- Investor behaviors are inflating the US stock market bubble, namely hope and greed.
- Fed intervention is a third cause. It has inflated stock and bond prices, causing money illusion.
- A fourth cause is increasing foreign demand for US securities.
I’m perplexed by the disconnect between the US stock market and the economy. Why does the stock market keep going up?
Two explanations are common: (1) Hopium is the hope that the recovery will be swift and thorough and (2) FOMO is fear of missing out. In other words, hope and greed. In an earlier article this year I added a third reason – inflation in stock and bond prices caused by Quantitative Easing (QE). And in this article I add a fourth reason to the list – foreigners protecting their savings by holding them in U.S. dollars.
Foreigners are buying U.S. stocks like never before
Non-US citizens are justifiably concerned that their currencies are being devalued. U.S. investors should be worried too, but the U.S. dollar is the “cleanest dirty shirt in the basket.” Global pre-COVID per capita debt exceeded $200,000, and it is increasing as central banks around the world print money for COVID relief. Foreigners believe the U.S. dollar will depreciate less than their currencies because it has a history of stability and it is the world’s trade currency, so they are investing in the US dollar by investing in US companies, as shown in the following picture. Most investors are not comfortable trading currencies, AKA Forex.
According to Goldman Sachs “Foreign investors bought $187 billion in U.S. equities during the second quarter of 2020, making them the biggest buyers during the recent bear market.”
Sure, U.S. companies are great companies, but the U.S. does not have a monopoly on great companies. The global debt crisis is real and getting worse, so the whole world should expect currency devaluation, with the weakest tumbling first. Hopium and FOMO are passing fancies. The world debt crisis will not go away quickly, but the U.S. may be the last to suffer its full consequences.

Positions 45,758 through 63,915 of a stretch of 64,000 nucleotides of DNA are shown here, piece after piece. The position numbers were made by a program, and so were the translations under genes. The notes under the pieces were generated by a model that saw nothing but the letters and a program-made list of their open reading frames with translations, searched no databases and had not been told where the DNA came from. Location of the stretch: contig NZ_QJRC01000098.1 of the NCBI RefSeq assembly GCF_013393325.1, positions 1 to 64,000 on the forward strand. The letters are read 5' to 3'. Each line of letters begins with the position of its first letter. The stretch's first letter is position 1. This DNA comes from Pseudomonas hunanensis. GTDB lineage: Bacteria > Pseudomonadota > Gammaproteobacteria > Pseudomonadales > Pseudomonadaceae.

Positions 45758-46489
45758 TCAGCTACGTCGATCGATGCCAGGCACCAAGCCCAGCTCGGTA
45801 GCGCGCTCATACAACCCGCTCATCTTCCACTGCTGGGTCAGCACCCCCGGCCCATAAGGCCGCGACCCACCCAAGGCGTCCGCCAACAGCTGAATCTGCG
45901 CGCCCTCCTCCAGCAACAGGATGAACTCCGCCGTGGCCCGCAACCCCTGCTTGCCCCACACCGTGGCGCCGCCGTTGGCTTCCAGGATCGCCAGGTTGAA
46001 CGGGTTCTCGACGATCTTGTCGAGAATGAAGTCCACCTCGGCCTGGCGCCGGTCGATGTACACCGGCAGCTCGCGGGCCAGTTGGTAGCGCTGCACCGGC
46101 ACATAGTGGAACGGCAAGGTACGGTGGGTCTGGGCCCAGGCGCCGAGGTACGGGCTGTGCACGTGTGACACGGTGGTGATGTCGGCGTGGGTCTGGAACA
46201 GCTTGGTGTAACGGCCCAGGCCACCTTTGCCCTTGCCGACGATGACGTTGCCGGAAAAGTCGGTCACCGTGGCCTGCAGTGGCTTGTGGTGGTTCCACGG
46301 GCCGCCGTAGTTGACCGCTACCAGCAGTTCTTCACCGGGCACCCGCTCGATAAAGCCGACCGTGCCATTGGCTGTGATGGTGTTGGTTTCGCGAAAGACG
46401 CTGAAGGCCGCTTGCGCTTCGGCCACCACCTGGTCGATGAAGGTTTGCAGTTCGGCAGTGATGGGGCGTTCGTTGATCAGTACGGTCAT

Fed intervention has caused inflation in stock prices
Despite $5 trillion in Quantitative Easing (QE), inflation measured by the Consumer Price Index (CPI) has been less than 2%. But the CPI is the wrong measure because most of the QE money has ended up in the U.S. stock and bond markets. Prices of stocks and bonds are inflated, creating money illusion. COVID relief so far has added $3 trillion, with another $2 trillion likely to follow. Some of this money will move the CPI needle because it is being used to buy groceries. But much of it will buy securities, further inflating the bubbles.
Money printing around the world has fanned the flames of the world debt crisis and driven foreign investors to dollar denominated investments.
A Refresher on the Global Debt Crisis
“Per Capita World Debt Has Surged Above $200,000” is one of my most read articles. It was written in July last year. COVID relief has increased this debt, but let it suffice to say that “the world economy is running on the fumes of delusory borrowed money, playing an outlandish game that will not end well. Fiat money only works if we all agree to honor it. Otherwise it’s just pieces of paper. US currencies were debased in 1971, when they were taken off of the gold standard and replaced by “In God We Trust.” Now debasing means printing money, or monetizing the debt. Lenders lose when borrowers control payment values.”
The manifestations of the problem are summarized in the following picture:
Submission to the crisis has already begun with the weakest economies like Greece and Venezuela. Citizens of crisis countries try to protect their savings by holding them in U.S. dollars, but this simply postpones the misery because the U.S. also has serious money problems.
I suggest four reasons that are causing a stock market bubble and suspect you can add more. The action step is to protect against the ultimate popping of the bubble with cash substitutes like gold and other alternatives.
The U.S. bond market is also in a bubble through the manipulation of the Fed, so it is not a good place to defend. “Never fight the Fed” is cute, but not very helpful.
The views and opinions expressed herein are the views and opinions of the author and do not necessarily reflect those of Nasdaq, Inc.